They also made use of doubling, but particularly badly in one instance where a character, Alexandra, had been established as being in prison for a murder she didn’t commit, but magically, in the next scene, the same actress plays an ambassador speaking directly to the supposed (and not-dead) murder victim. And then back to Alexandra in prison, with very few costume attempts to differentiate between the two characters. I think they may have changed the color of her sash, if anything.

The production wasn’t heedful of internal directions in the text, either. In one instance, the king of Portugal tells his servant, “Stand up, I say,” which clearly indicates, to me, that the character should have probably been kneeling up until that point. You know, the way people do. To kings. But the character was already standing, and took that comment as a somewhat confused direction to stand . . . up . . . straighter.

In some respects, they were trying to be daring, sort of art-house-y, and I applaud the attempt. But these interesting and potentially fruitful bold efforts didn't seem to have a larger meaning to them, or to be applied with any precision. For instance, at one point, a line of women funereally pace across the stage while a character describes a battle (lots of descriptions of battles, this play has), and turn facing the back curtain, and then grasp the curtain and mime sewing. Why? The only thing I can figure is that this happened twice when Bel-Imperia was around, so maybe it was to indicate a feminine space with feminine labor? Otherwise, there was no explanation.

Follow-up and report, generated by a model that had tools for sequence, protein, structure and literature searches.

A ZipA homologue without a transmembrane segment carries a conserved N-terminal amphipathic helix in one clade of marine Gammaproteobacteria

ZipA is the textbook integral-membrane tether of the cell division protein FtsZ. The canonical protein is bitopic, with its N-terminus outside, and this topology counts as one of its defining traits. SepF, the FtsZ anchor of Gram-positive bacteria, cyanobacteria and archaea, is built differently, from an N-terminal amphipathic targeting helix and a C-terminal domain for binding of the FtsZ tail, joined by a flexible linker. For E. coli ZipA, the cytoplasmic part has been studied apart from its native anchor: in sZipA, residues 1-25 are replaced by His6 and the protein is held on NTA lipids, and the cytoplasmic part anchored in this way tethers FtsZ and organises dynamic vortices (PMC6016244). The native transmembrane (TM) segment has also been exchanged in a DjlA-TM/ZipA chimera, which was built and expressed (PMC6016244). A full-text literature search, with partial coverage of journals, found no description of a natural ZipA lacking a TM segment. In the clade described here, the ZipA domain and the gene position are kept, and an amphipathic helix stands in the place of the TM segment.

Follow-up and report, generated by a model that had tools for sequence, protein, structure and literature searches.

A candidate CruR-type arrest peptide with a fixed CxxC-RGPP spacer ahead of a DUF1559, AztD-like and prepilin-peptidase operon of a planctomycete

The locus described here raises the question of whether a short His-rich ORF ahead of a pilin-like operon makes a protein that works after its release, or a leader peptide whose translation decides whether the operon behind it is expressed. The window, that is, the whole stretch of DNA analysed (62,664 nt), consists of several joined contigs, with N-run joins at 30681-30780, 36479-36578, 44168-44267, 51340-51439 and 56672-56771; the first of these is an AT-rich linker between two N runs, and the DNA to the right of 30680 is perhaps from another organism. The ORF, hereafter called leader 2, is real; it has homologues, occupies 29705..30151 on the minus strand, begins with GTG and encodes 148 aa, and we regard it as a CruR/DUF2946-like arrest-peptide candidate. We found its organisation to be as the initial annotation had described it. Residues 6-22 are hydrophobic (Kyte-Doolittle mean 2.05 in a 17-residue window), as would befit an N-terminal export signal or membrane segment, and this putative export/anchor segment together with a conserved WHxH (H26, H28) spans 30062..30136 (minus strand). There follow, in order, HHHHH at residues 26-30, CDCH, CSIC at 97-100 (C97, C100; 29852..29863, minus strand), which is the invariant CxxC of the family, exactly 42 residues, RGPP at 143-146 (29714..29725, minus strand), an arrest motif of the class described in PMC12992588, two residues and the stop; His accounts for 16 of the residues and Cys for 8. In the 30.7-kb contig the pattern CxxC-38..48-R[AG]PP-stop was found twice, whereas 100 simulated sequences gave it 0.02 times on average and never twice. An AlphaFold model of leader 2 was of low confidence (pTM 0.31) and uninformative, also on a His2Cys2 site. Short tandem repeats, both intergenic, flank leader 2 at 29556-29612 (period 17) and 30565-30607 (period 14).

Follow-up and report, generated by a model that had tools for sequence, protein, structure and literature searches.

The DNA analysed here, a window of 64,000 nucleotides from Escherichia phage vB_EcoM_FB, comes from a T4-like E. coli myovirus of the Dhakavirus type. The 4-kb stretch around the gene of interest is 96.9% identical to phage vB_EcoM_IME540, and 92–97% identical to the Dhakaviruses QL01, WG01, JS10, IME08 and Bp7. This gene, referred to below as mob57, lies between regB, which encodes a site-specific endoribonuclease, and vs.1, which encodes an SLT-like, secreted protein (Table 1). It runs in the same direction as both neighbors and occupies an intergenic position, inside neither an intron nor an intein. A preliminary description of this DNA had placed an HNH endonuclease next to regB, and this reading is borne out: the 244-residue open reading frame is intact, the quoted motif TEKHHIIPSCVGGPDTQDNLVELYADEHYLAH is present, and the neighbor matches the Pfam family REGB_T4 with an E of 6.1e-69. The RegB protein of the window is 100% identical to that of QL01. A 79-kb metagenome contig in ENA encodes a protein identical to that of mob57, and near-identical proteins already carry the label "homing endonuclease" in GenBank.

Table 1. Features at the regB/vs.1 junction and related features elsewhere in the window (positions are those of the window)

Another effect that was not used consistently enough to create meaning was a flickering light. At one point, it flickered during a character’s death. At another point, it flickered when the ghost of Andrea conferred with Revenge. But was it supposed to indicate death, or ghosts, or revenge, or all three? I have no idea, because there were lots of deaths, and lots of instances where Andrea and Revenge had a conversation, but the flickering light was only on in those two instances, that I could see.